While mobile usage is constantly on the rise across the Middle East and ‘smart device’ connectivity is almost at 100 percent in most Gulf countries, retailers need to see how mobile deeply impacts the customer journey. The function of mobile will vary considerably across products, customers and purchase location, but the retailer’s key challenge is to offer a mobile experience that is attuned to these differences. In many instances, even though mobile is not the transactional device, it is the most important one when creating both awareness and desire. It is imperative that retailers think about how they can communicate through the mobile devices ‘lock screen’ to drive engagement, as well as create content that fits a smaller screen and short attention spans. Brands that I’ve noticed trying to engage the customer effectively on mobile are Marks and Spencers and of course, the ever innovative Burberry. Both retailers have armed sales staff with smart devices which enhance the sales experience and knowledge base in store. A very easily implemented, but effective strategy. What’s important to recognise here is that it’s about consumer delight; that WOW moment. A bad experience is just not worth putting out there given the echo it can create.


This is NOT a threat to offline retail, so long as store owners understand the consumer’s desire – especially here in the region – to really ‘research’ what they’re buying. If we make the customer journey present, consistent and enticing at every possible touch point, this will lead to increased sales and more importantly repeat purchasing and loyalty. Make it easy for them – it really is that simple. So many websites and social channels I see here in the Middle East appear to be designed so that you need a degree from NASA to transact in any shape or form. Saying that, there are a few notable examples of brands trying to get this right; namely uae.souq.com/ae-en/ and dubizzle.com/.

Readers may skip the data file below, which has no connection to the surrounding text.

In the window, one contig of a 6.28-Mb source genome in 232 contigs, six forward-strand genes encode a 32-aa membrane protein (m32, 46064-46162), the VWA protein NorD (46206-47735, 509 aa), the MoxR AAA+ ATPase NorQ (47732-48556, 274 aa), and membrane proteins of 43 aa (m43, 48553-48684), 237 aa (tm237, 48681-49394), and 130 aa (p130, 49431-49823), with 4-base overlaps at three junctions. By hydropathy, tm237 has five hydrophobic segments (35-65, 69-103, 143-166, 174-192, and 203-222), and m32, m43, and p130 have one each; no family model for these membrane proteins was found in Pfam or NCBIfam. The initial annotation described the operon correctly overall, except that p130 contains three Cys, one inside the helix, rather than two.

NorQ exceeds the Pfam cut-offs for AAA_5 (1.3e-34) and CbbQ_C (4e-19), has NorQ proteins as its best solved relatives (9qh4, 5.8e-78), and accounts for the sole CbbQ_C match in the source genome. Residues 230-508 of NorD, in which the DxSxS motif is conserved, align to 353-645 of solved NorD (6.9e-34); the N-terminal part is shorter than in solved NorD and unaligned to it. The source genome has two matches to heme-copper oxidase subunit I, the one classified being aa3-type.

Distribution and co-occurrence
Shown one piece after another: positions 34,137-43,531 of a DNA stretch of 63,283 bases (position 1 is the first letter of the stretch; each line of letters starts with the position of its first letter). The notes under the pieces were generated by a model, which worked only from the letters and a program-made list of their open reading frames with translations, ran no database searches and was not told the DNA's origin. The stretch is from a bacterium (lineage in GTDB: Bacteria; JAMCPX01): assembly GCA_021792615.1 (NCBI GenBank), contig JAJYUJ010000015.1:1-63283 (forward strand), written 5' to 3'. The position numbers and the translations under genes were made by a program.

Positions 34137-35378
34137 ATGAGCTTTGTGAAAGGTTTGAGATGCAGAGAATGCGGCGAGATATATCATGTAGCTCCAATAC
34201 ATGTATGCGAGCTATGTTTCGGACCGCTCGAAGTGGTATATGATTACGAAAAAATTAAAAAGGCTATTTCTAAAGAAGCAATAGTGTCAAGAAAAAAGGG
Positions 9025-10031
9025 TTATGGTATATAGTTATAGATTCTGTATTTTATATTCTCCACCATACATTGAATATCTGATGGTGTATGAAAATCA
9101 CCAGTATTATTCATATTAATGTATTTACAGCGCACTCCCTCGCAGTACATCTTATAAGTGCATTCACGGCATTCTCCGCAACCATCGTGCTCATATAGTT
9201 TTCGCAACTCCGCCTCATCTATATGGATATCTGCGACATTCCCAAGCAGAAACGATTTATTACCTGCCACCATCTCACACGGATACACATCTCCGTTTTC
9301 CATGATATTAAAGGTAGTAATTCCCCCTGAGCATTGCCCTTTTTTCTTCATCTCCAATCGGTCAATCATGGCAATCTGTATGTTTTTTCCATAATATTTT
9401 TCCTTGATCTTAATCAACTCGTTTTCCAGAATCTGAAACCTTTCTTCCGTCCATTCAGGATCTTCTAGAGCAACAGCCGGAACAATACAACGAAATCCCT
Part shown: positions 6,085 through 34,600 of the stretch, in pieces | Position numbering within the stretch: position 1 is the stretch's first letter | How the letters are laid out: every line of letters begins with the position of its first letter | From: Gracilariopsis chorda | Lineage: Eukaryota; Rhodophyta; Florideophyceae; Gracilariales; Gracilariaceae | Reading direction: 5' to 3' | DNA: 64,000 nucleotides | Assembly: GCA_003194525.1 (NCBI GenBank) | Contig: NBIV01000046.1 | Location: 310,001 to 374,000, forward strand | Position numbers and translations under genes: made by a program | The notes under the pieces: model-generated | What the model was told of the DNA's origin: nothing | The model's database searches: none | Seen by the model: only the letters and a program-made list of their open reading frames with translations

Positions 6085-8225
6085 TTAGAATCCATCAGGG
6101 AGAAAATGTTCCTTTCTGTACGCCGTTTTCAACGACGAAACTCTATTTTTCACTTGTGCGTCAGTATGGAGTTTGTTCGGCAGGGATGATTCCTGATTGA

A lot of problems about buying online is that you never truly understand if it is going to fit or suit you; take fashion or beauty items as a perfect example. If you entered a VR store, you could have an immersive experience where you are getting to try on the goods, really see how well they fit you and make a more informed decision over whether it’s what you want.


Improvements in the connection between online and physical retail include improved delivery options for online sales (click-and-collect and 90-minute delivery services), improved online product experiences and improved in-store mobile offerings. Beacon technology is one tiny part of a much larger shift in our understanding of how digital retail can be brought in store – it’s a change that’s mainly being led by customers at the moment, so retailers are going to have to catch up and keep up.